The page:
Pardon this use of a quote from Mark Twain but it fits the situation in the Arab world perfectly. Just a few years ago as the ISIS hordes seem to be following the footsteps of Genghis Khan and over running the entire Fertile Crescent, journalists and various middle east “experts” were claiming the end of the states of Iraq and Syria with Lebanon and Jordan to follow. A widly circulated photo of an ISIS bulldozer driver destroying the vestiges of a border marker between Iraq and Syria seemed to be the portent of the future. A new Syria and Iraq divided into ethnic entities or controlled by the “new” Islamic Caliphate was the forecasted future. Gleefully many saw the final demise of the Sykes -Picot treaty and those hated colonialist drawn borders ….. even though over the years it was evident that the various Arab regimes did not want to give up an inch of their domains, no matter who drew their borders. The dozens of unity attempts among various Arab states always collapsed within months. Of course there are still some slender reeds of Arabism,…The issue of Palestine, a common language, a common heritage, etc
Unfortunately for the illusion of Arabism, none of the above have proven strong enough to create reality out of a dream. As I have written elsewhere in this blog, Palestine is a revered Arab issue but Palestinians as people are not fully accepted anywhere in the Arab world. In most Arab counties they are viewed as a fifth column and unwelcome guests. The idea of a common language was never really true and is becoming less so. Modern Standard Arabic was supposed to become the lingua franca of the Arab world but its use has actually declined, among even the educated classes. As an example, when I was a student in Beirut I visited Tunisia and made friends with a number of young fellows convincing them I was Lebanese….this despite my crappy Beiruti street Arabic.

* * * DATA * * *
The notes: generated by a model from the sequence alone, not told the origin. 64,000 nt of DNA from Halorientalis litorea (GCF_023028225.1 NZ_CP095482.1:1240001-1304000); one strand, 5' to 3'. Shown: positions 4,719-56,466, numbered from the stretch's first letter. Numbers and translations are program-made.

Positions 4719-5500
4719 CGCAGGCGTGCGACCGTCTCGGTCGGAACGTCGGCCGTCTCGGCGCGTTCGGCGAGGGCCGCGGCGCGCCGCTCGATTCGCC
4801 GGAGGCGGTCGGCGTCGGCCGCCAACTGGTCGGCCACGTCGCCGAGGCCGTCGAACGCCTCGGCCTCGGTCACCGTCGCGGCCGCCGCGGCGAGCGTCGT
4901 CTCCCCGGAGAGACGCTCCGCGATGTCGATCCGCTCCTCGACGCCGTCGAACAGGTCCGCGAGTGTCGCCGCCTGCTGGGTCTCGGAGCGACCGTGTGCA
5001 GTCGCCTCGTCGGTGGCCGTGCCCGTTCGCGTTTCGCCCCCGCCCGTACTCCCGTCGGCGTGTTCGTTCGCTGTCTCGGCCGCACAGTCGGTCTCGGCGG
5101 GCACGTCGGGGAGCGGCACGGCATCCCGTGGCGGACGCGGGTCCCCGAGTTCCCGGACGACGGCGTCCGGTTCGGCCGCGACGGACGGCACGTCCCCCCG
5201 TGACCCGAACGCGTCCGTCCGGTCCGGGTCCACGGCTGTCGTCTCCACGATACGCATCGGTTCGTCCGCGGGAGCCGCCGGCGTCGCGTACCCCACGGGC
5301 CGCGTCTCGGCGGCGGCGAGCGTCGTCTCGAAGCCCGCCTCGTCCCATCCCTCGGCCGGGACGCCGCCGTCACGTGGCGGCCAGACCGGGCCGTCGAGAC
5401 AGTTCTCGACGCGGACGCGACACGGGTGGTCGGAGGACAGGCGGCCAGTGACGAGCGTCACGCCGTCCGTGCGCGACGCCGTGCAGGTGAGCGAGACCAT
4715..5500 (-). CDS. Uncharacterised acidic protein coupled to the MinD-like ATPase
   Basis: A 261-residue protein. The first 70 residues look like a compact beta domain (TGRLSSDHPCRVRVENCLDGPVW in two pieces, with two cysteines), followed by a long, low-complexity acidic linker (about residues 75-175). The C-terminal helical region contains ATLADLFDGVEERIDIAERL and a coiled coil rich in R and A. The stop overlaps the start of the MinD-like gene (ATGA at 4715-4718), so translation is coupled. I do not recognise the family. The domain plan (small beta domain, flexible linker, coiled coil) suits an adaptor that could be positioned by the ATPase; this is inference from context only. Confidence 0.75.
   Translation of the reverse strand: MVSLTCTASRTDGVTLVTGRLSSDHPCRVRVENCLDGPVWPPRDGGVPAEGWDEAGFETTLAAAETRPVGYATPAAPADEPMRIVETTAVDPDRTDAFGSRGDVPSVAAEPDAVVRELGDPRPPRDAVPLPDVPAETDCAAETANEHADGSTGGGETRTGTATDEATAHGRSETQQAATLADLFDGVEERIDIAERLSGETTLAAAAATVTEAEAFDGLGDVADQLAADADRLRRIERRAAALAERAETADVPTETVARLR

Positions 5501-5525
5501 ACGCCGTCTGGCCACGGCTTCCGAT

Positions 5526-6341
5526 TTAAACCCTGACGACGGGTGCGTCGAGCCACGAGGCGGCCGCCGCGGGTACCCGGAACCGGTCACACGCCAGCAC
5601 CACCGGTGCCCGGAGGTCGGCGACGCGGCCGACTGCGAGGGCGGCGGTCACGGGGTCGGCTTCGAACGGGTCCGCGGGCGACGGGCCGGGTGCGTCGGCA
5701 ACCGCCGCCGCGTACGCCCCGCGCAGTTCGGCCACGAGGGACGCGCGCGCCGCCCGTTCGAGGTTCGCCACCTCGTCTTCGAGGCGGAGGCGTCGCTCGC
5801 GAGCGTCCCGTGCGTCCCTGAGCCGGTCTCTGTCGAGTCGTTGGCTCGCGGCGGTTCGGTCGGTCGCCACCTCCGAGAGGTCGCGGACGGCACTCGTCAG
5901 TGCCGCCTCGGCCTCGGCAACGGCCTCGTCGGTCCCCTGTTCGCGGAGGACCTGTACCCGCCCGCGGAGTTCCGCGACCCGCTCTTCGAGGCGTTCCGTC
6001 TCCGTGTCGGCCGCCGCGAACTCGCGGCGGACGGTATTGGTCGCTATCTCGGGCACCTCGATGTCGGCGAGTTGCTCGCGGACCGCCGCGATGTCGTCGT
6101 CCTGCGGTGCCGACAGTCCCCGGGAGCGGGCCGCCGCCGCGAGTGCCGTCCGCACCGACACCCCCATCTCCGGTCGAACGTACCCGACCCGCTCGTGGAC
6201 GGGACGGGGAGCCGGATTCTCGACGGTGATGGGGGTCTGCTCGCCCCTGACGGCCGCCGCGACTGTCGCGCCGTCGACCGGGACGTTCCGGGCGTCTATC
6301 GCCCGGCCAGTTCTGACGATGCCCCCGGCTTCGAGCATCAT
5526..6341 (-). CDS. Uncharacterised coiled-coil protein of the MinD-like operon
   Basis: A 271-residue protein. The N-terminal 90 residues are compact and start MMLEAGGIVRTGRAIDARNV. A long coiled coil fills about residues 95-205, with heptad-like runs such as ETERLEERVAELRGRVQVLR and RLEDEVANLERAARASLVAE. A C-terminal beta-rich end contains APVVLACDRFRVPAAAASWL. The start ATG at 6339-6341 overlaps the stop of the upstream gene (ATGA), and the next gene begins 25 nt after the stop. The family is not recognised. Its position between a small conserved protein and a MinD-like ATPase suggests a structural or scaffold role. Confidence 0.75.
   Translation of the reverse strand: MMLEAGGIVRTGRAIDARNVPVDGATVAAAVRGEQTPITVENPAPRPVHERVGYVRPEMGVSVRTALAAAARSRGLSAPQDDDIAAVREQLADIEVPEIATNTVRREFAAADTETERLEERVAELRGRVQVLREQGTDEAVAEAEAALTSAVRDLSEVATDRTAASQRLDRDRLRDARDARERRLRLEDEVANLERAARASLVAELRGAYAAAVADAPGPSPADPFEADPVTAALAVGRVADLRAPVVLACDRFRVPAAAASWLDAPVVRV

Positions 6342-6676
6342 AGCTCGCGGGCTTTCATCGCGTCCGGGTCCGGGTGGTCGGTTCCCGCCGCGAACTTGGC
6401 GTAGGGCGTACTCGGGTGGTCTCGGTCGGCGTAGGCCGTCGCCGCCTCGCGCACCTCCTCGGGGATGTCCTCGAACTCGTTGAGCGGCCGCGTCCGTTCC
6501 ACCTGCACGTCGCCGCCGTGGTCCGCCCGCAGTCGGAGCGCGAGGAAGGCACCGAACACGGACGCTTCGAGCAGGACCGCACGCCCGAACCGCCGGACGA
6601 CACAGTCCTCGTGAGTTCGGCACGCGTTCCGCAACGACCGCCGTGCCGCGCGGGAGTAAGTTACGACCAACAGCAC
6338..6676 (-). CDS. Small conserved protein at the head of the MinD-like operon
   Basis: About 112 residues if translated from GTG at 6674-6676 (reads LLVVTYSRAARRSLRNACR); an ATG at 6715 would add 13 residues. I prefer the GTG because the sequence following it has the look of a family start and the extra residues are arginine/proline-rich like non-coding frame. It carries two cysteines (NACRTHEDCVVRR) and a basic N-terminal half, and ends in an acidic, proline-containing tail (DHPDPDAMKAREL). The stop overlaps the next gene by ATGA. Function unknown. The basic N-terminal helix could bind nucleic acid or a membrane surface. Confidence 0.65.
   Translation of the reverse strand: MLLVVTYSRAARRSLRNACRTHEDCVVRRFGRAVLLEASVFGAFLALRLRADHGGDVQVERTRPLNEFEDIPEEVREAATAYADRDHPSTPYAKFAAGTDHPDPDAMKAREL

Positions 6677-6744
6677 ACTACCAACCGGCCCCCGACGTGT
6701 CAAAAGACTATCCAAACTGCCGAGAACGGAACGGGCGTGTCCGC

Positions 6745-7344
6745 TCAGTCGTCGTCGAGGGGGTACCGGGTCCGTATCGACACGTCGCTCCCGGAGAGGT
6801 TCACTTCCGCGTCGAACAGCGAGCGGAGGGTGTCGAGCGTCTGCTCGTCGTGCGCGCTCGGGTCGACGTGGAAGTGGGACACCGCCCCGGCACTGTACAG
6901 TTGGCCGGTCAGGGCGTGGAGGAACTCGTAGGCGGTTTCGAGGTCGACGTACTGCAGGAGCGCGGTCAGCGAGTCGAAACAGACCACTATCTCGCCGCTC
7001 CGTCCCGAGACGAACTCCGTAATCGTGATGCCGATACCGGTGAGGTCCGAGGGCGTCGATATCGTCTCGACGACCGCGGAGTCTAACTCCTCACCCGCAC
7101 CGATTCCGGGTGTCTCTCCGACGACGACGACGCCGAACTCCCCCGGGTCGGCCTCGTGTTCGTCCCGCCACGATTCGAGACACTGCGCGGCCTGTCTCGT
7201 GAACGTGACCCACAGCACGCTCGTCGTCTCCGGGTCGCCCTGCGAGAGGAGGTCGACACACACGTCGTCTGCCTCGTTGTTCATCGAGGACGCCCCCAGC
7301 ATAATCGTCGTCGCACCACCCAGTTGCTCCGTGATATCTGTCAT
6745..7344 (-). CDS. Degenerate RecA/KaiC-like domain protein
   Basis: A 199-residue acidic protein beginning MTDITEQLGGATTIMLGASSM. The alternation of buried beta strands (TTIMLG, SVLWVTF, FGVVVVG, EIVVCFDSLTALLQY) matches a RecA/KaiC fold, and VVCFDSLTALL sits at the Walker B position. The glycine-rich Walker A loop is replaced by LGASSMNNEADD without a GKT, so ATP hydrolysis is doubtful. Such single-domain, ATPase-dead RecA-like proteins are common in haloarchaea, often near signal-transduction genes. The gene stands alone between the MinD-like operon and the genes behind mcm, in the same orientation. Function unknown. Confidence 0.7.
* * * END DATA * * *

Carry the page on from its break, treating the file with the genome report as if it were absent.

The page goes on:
The nuances of Classical Arabic of the Quran, modern standard Arabic, and colloquial Arabic have created difficulties for Arab students learning their own langauge. The common heritage is debatable but history is always subject to revisionism.
In fact the idea of Arab unity has become so thin that one optimist recently wrote that the Egyptian soccer player, Mohamed Salah, had revived Arabism because of his Arab world celebrity status. Unfortunately, the ousting of all the Arab teams in the world cup, four in one day, was a crushing blow to the hope that soccer would be the unifying factor.
Palestinian writer Said Aburish was probably correct in saying that that Arab nationalism died with Abdul Nasser, and that today there is no ideology to contest the chimera of an Islamic Caliphate. As a recent article in Foreign Affairs suggests, democracy as a form of government is a declining concept all over the world. It has never had a chance to take hold in the Arab world.